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University of Montana to Start Ranking Programs—and Cutting Losses

Five years ago, Robert Dickeson was invited to give a presentation at the University of Montana. Dickeson, a former college president, CEO and consultant, spoke about a concept, which he developed, that has become both influential and controversial in the world of higher education. He calls it program prioritization, and it describes the idea that universities should respond to tightening budgets by shifting money to their top-performing academic departments—and away from weak ones. Under Dickeson’s system, every program on campus is ranked.

UM administrators took notes on Dickeson’s presentation, according to retired Provost Perry Brown, who read Dickeson’s book—Prioritizing Academic Programs and Services—”a couple of times” and talked it over with then-newly minted President Royce Engstrom. Their conclusion: No thanks.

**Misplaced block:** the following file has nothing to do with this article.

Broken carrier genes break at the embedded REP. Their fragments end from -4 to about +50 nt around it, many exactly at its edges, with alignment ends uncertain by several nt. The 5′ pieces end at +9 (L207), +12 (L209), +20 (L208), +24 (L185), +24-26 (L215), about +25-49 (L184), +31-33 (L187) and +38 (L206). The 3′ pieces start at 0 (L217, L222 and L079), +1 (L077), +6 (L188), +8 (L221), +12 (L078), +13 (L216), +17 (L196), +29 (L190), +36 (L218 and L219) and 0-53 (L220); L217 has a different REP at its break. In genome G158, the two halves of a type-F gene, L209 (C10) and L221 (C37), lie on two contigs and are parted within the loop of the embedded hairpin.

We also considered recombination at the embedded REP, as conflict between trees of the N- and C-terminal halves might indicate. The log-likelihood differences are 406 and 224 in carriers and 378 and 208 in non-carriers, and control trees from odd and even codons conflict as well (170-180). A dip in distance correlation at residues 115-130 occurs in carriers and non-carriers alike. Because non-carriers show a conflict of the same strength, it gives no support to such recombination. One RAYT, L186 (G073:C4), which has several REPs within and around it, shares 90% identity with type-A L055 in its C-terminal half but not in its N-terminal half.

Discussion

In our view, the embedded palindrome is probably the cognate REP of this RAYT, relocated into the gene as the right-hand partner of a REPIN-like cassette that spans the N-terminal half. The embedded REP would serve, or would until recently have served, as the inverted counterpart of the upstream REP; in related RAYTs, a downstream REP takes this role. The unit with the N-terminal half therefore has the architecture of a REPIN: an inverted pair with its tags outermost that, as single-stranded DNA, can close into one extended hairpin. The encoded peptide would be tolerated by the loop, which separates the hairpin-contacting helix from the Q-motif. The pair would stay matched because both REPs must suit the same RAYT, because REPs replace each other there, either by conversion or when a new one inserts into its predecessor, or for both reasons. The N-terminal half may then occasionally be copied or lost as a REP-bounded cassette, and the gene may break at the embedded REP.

What a difference five years makes. Over the summer, copies of Dickeson’s book were distributed to UM deans by temporary Provost Beverly Edmond. In October, Dickeson was back on campus for another all-day workshop organized by the Office of the Commissioner of Higher Education. And last month, in his final campus-wide address before being asked on Dec. 1 to resign, Engstrom announced that UM would embark on program prioritization after all, using Dickeson’s blueprint as a starting point.